The Tippecanoe River near Buffalo, Indiana in May.

A watershed, or drainage basin, is an area of land where surface water from rain and melting snow or ice converges to a single point, usually the exit of the basin, where the waters join another water body, such as a river, lake, reservoir, estuary, wetland, sea, or ocean. In closed drainage basins the water converges to a single point tippe_watershedinside the basin, known as a sink, which may be a permanent lake, dry lake, or a point where surface water is lost underground.The drainage basin includes both the streams and rivers that convey the water as well as the land surfaces from which water drains into those channels, and is separated from adjacent basins by a drainage divide.

The drainage basin acts as a funnel by collecting all the water within the area covered by the basin and channeling it to a single point. Each drainage basin is separated topographically from adjacent basins by a geographical barrier such as a ridge, hill or mountain.

White County is part of the Tippecanoe River Watershed. A small portion of the southwest corner of the county lies in the Big Pine Creek watershed. Most of the surface water that falls as rain and melting snow in White County eventually flows into the Tippecanoe River as well as Lake Freeman and Lake Shafer. The Tippecanoe watershed is actually a part of an even bigger watershed, the Wabash watershed. Smaller watersheds make up larger ones. The Wabash watershed flows into the Ohio watershed and the Ohio flows into the Mississippi watershed, which eventually ends up in the Gulf of Mexico. Because of this, everything that may end up in the water in White County can eventually contaminate other areas.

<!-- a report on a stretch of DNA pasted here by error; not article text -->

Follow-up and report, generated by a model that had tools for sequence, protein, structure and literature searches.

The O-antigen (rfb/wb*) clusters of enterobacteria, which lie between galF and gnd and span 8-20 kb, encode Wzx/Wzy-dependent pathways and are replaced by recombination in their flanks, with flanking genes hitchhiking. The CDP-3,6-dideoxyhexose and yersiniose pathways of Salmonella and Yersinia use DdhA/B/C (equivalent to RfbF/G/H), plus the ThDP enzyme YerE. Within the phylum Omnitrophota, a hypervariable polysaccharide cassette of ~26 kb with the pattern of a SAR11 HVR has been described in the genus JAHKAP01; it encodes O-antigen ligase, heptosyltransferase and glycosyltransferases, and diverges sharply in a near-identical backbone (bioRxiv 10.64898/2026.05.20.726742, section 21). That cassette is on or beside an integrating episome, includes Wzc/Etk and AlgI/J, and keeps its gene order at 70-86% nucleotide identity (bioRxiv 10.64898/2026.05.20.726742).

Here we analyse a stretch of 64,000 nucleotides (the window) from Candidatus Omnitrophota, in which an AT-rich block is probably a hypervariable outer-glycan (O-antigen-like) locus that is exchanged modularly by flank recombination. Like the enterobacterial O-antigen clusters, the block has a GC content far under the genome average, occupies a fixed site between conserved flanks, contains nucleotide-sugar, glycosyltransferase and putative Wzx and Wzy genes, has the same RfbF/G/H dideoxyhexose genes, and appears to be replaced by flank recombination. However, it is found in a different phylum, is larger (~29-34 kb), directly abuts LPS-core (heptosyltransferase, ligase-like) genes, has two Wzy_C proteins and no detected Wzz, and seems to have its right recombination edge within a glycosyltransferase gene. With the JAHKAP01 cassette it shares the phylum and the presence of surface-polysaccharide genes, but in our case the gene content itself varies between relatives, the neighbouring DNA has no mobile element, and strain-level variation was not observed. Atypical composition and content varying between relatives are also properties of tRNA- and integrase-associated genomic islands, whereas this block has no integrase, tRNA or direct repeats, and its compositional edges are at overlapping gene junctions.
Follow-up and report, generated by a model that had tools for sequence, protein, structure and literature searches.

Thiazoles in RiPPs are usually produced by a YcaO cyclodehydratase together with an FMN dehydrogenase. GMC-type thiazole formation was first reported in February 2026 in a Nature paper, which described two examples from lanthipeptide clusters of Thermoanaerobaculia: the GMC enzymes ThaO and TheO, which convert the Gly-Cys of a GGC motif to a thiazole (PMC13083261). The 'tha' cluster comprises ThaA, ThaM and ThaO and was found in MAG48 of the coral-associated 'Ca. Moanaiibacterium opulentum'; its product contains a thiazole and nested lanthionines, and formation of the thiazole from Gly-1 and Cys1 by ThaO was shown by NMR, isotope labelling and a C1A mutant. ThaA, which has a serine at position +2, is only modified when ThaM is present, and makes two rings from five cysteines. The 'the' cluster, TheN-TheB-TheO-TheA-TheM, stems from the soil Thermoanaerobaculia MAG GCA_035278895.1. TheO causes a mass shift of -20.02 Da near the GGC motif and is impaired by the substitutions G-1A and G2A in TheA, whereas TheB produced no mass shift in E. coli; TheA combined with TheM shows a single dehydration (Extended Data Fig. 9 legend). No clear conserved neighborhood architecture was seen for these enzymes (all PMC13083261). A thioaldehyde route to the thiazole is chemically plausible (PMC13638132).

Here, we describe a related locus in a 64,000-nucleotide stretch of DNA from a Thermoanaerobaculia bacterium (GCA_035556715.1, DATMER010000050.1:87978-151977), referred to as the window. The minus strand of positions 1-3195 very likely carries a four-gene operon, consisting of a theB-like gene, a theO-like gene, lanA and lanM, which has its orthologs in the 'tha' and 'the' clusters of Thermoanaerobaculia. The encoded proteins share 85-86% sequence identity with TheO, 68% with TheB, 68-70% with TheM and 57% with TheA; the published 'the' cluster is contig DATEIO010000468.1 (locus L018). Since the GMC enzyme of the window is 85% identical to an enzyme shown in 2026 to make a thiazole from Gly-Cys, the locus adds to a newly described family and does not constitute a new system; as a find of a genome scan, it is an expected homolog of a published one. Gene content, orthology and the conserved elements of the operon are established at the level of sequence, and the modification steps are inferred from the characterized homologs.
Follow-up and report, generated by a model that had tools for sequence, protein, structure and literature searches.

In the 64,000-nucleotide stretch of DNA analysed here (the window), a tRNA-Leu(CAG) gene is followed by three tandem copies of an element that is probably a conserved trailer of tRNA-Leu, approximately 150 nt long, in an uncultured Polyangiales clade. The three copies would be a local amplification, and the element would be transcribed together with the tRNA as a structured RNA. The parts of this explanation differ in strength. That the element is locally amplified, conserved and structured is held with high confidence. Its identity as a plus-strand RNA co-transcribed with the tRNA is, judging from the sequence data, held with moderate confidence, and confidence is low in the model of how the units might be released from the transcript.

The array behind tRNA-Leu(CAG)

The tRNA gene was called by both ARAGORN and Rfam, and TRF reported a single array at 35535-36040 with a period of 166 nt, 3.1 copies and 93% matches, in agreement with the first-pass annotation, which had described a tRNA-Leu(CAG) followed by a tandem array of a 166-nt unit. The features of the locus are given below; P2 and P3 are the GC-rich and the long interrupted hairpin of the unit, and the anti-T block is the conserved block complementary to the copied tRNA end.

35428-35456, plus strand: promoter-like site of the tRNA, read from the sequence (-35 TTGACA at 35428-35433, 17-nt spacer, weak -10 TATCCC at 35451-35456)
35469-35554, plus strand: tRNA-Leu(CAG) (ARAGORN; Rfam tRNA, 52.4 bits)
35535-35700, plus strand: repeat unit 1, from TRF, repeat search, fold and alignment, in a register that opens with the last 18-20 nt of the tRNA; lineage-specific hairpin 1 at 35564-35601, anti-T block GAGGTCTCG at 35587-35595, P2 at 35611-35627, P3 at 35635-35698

What can you do to protect the water that will eventually end up in the Gulf of Mexico? Be sure to put trash and pet waste in garbage cans. Don’t pour any chemicals, such as gasoline, oil, or paint, on the ground.


The BiBig Pine Creek WMP_15Oct2015.pdfg Pine Creek Watershed drains nearly 17,500 acres in the far southwest corner of White county, but it lies mostly in Benton and Warren counties. To learn more about the watershed management plan for Big Pine Creek, select the icon at left. Additional information on recent and on-going conservation activities in the Big Pine Creek watershed can be found at The Nature Conservancy and at the Natural Resources Conservation Service.

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